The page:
Last week, the San Francisco Opera announced that John Adams has been commissioned for a full-length opera called Doctor Atomic based on the life of American scientist J. Robert Oppenheimer, developer of the atomic bomb. Adams will collaborate with poet/librettist Alice Goodman and director Peter Sellars, who were also involved in his two previous operas Nixon in China (1987) and The Death of Klinghoffer (1992). The opera is scheduled to premiere in September 2005 at the San Francisco War Memorial Opera House under the baton of SFO Musical Director Donald Runnicles.
The structure of the opera, as it stands in the early planning stages, begins in Los Alamos, NM, where the Manhattan Project led by Oppenheimer set out to develop the atomic bomb in the early 1940s. The second act shows Oppenheimer’s descent from influence as he is accused of having ties with the communist intelligentsia, falls out of favor in Washington, and eventually is stripped of his security clearance in 1954.
SFO General Director Pamela Rosenberg approached Adams with the idea for the opera over two years ago and it was originally conceived of to be part of a retrospective of operas and stage works that use the Faust myth as a point of departure. Although some parallels exist between Faust, a scholar and scientist who signed his soul and body away to the devil, and Oppenheimer who was indebted to the United States government, Adams has reservations about trying to fit Oppenheimer’s story into the Faust formula too tightly. “Ever since I started working with the dramatic works like Nixon in China,” he explains, “I’ve really felt that America has its own mythology and it’s really quite different than what the Europeans have.”
Furthermore, he cites figures and images that are prominent in American popular culture, the news media, and US history as the major informants of this distinct mythology. The title “Doctor Atomic” was conceived of to capture the culture of America in the 1950s, an imitation of the sensationalistic sci-fi movie titles of the era. “We have to realize that this happened during the same time as pompadour haircuts and TV dinners and large cars and the advent of television and American popular culture,” he says. The title also alludes to both Dr. Faustus and Dr. Strangelove, two fictitious characters that resonate with Oppenheimer, whom Adams describes as “the scientist who’s a genius and gets into a very complicated situation because of his genius and also because of his arrogance.”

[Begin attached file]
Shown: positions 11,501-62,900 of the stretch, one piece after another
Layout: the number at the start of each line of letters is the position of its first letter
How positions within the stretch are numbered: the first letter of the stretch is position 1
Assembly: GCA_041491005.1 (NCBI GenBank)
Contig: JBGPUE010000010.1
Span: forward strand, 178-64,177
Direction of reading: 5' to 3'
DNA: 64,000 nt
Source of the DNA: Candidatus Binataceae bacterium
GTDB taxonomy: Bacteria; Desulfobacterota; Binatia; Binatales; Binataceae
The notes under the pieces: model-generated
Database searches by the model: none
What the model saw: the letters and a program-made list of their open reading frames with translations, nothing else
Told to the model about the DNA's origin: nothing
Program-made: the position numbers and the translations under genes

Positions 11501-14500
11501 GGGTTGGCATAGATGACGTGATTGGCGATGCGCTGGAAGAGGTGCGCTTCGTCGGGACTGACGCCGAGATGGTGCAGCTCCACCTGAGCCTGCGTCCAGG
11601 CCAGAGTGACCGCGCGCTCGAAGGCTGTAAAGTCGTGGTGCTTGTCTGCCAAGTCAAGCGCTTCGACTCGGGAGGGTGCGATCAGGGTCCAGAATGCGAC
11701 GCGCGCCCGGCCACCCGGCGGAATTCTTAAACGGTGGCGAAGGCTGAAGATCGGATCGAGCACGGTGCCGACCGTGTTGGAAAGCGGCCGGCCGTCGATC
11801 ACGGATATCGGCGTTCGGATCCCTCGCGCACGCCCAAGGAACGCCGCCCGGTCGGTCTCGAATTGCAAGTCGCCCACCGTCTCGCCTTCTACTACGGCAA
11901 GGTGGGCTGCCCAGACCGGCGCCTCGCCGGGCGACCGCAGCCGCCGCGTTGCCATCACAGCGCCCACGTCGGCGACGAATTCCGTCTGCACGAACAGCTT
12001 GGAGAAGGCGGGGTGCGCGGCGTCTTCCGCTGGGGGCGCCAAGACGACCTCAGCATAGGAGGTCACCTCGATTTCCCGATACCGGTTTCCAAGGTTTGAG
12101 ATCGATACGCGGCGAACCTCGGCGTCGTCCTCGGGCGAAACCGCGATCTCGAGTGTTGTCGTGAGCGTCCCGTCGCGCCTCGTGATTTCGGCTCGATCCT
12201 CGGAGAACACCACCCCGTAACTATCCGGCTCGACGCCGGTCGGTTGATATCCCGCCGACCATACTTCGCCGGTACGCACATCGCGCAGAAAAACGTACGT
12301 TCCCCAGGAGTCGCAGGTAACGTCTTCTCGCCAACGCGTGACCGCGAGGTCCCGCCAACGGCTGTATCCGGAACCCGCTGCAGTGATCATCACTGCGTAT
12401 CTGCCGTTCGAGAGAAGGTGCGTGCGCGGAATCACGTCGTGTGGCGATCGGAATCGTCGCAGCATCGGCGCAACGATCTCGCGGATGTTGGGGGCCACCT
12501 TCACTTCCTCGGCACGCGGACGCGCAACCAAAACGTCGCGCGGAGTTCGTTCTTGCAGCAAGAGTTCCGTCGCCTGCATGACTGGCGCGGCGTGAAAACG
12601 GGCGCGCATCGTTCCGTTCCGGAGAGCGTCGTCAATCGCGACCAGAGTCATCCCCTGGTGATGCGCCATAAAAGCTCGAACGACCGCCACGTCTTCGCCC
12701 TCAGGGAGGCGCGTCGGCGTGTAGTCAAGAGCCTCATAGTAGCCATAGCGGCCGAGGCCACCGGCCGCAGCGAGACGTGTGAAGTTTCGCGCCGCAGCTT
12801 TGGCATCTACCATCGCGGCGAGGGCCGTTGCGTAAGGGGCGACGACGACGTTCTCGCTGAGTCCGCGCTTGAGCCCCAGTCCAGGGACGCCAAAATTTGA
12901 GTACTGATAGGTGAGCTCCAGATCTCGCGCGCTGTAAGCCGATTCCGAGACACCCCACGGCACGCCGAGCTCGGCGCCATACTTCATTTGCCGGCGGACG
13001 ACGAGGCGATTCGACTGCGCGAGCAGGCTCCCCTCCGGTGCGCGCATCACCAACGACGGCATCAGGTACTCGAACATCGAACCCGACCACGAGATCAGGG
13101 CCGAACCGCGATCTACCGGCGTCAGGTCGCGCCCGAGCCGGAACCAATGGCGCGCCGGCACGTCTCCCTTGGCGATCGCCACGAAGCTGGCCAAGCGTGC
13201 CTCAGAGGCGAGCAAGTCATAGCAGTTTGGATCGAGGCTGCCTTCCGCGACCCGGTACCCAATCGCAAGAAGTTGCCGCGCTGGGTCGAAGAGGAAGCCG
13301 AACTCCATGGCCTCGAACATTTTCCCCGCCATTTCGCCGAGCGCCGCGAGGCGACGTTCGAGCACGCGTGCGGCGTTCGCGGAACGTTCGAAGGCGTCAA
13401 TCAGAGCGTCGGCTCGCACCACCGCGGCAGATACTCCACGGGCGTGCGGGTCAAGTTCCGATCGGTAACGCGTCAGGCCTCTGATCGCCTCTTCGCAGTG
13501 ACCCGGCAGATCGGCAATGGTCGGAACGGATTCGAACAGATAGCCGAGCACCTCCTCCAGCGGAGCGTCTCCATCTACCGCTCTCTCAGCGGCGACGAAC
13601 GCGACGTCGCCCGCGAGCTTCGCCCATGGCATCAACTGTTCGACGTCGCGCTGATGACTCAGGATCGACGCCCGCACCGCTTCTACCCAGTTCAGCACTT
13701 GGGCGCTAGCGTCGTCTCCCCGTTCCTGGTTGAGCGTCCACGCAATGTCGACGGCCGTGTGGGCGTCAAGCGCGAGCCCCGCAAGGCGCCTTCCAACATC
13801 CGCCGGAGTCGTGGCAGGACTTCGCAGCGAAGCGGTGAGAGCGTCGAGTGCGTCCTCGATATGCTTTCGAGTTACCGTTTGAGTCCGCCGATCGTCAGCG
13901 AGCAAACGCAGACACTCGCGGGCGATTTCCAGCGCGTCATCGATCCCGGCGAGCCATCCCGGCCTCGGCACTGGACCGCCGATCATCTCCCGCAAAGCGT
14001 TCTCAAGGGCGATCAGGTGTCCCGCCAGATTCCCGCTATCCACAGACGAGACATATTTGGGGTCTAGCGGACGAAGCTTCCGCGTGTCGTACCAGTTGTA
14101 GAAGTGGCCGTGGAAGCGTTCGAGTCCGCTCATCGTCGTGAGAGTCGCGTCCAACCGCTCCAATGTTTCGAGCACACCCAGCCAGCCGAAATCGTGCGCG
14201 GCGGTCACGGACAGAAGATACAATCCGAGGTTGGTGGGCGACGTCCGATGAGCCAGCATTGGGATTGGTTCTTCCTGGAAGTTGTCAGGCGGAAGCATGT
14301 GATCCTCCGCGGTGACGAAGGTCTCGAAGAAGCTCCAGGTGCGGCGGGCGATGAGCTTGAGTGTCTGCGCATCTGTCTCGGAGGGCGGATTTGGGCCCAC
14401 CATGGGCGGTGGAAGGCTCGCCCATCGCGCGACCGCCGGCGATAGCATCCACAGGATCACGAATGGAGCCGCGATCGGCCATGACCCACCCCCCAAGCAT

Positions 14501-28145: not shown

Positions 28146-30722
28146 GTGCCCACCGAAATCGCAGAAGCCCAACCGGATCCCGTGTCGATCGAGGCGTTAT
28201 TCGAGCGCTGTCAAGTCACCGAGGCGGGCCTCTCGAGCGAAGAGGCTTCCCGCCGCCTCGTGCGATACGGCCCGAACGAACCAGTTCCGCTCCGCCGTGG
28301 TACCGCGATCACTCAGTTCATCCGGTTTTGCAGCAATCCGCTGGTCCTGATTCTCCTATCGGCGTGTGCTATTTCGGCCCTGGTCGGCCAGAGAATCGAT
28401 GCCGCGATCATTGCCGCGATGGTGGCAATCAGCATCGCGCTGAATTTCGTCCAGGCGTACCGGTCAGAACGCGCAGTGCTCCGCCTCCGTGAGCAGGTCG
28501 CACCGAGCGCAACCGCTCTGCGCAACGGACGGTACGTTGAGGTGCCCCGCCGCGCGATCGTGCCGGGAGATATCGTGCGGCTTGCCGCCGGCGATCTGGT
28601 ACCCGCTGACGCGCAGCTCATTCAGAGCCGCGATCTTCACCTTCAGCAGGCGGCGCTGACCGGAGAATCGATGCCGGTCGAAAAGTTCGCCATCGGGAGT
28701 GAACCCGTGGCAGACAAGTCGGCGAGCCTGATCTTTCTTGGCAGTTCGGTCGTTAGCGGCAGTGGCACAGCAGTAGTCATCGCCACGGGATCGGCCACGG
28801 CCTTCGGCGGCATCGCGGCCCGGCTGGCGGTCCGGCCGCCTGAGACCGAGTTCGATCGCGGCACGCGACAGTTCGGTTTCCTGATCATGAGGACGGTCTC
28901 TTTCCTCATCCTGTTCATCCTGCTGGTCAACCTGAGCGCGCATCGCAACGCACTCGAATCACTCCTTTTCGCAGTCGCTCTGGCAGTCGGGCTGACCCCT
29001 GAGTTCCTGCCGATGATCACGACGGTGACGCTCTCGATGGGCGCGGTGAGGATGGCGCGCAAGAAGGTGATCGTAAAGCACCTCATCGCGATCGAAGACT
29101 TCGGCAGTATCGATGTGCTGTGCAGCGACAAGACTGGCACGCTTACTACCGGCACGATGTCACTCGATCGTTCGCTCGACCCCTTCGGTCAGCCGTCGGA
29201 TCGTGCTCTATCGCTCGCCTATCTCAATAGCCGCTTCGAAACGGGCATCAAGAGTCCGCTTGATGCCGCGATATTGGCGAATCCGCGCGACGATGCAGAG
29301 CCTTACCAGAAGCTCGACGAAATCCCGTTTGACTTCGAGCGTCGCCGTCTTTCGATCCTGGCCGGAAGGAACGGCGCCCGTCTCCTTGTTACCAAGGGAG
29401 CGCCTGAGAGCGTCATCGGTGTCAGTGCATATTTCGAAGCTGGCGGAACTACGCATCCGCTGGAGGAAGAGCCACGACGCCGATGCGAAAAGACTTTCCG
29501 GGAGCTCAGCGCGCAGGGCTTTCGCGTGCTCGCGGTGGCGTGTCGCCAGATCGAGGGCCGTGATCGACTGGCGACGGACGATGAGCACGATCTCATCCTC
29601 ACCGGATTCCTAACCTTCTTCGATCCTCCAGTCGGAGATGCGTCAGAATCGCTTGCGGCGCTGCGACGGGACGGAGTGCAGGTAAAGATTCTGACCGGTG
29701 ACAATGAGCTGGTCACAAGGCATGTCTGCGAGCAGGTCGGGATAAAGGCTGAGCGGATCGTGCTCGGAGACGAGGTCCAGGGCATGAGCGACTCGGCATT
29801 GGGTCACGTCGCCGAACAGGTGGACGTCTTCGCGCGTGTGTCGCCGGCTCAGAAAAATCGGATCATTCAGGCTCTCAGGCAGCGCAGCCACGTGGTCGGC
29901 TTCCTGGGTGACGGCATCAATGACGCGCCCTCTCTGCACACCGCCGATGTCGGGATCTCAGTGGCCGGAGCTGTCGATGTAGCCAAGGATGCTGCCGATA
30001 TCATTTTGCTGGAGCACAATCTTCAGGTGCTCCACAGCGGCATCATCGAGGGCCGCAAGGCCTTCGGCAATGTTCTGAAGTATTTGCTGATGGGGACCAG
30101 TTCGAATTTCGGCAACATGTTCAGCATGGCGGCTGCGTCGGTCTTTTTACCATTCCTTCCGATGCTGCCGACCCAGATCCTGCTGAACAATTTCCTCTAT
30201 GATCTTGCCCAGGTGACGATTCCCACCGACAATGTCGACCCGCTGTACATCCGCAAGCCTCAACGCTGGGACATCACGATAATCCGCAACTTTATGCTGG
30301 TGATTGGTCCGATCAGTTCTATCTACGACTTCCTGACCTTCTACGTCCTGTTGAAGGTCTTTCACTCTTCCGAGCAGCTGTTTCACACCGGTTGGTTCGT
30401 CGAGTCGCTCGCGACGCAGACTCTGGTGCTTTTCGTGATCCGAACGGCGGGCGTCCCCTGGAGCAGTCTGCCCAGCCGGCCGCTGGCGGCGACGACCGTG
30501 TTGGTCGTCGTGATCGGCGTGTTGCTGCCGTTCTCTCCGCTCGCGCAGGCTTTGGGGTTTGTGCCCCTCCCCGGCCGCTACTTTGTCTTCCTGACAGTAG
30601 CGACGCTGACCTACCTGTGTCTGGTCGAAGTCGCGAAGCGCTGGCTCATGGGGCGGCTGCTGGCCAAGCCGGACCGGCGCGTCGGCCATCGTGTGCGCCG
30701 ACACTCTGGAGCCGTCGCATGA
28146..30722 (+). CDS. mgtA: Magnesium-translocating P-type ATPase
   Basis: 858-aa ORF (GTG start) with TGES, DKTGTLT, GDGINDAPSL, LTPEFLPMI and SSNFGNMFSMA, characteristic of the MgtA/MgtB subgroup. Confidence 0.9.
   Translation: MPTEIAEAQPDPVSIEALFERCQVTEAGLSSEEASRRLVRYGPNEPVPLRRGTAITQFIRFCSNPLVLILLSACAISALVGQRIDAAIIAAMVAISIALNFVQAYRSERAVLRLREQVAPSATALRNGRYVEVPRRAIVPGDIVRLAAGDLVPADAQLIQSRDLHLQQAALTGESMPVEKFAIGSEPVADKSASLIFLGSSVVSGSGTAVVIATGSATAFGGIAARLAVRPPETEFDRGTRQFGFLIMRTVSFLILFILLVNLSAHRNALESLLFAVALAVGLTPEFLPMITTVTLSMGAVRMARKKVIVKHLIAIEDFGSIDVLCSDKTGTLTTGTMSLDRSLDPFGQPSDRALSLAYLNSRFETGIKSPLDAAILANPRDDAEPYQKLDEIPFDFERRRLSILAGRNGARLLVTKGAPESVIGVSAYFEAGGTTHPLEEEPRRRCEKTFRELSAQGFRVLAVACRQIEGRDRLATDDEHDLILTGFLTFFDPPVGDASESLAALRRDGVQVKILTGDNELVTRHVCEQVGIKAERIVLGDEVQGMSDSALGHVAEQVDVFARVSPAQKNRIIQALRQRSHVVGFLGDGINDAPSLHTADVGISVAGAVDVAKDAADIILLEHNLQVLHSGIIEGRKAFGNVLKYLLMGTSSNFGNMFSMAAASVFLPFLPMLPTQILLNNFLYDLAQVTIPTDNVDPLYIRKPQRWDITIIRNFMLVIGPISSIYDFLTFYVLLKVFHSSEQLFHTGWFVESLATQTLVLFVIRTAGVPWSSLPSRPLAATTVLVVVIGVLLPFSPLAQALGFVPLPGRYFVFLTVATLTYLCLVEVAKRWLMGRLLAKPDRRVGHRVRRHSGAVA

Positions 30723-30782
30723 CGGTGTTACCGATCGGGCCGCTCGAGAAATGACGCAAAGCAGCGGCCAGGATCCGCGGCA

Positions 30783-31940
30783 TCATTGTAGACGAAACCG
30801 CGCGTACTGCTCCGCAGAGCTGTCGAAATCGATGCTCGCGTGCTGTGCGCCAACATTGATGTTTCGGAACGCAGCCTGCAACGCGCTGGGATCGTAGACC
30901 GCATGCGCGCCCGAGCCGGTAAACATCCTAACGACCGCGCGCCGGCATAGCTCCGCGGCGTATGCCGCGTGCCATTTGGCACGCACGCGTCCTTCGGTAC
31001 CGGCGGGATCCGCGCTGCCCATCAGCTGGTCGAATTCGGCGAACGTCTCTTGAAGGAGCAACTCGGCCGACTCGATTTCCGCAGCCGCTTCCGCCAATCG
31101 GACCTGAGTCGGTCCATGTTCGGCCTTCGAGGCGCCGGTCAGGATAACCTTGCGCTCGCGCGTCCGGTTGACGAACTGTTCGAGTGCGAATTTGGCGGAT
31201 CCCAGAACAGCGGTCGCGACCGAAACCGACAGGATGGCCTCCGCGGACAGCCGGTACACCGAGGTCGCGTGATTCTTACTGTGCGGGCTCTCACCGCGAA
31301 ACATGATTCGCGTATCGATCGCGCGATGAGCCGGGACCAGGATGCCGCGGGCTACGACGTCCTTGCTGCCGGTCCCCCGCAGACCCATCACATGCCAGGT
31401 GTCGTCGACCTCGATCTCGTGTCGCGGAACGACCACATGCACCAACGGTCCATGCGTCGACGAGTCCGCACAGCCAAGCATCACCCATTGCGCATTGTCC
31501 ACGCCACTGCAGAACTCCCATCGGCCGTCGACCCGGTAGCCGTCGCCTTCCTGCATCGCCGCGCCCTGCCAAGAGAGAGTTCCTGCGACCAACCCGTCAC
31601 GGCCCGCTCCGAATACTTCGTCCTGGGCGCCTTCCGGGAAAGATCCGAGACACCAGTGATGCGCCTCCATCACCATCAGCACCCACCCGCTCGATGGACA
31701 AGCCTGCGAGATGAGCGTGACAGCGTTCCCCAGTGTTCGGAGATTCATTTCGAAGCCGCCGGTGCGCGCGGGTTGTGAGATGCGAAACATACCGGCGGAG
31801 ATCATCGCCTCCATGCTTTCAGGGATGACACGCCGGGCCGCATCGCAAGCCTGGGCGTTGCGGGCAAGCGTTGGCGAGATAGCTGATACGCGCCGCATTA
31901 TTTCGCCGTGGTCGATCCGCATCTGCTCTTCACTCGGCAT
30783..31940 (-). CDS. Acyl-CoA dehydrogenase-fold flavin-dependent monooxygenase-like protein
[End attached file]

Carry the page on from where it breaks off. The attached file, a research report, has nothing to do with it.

“There are so many powerful archetypes involved in this story,” Adams observed. “The archetype of the atomic bomb alone has probably got to be one of the greatest myths and images that have come about in the history of human consciousness, so that right there is quite overwhelming.”
Challenged with a deeply serious topic, Adams strives for a certain amount of levity in his approach to the score. “It is such an awful theme, the idea of nuclear annihilation, that if I tried to meet it head on with some terribly daunting, serious libretto and the tonality of it were ultra, ultra serious the work would be bound to be stillborn.” As with his two previous operas that both deal with important historical events he ultimately wants to create a work that balances the profundity of the story with high entertainment. “My goal in all of my stage works has been to deal with very deep issues, very complex moral and spiritual issues, but to do so with a certain Mozartean lightness of touch.” He has certainly been able to achieve this with his past works including the two operas and On the Transmigration of Souls, commissioned by the New York Philharmonic to commemorate the victims of September 11.
Especially considering today’s political climate, this “lightness of touch” will be key in making the production palatable to an American audience. With U.N. weapons inspectors poking around in Iraq for evidence of nuclear weapons and Condoleezza Rice, the National Security Advisor, stating that the United States will not hesitate to use nuclear force if it is deemed necessary, the prominence of nuclear arms in the media is higher now than it has been since the end of the Cold War. “Suddenly we’re now back in a position where we were around 1952, right around the time when Doctor Atomic takes place,” Adams notes. “So this work is probably going to have some very disturbing resonances with what’s going on right now.”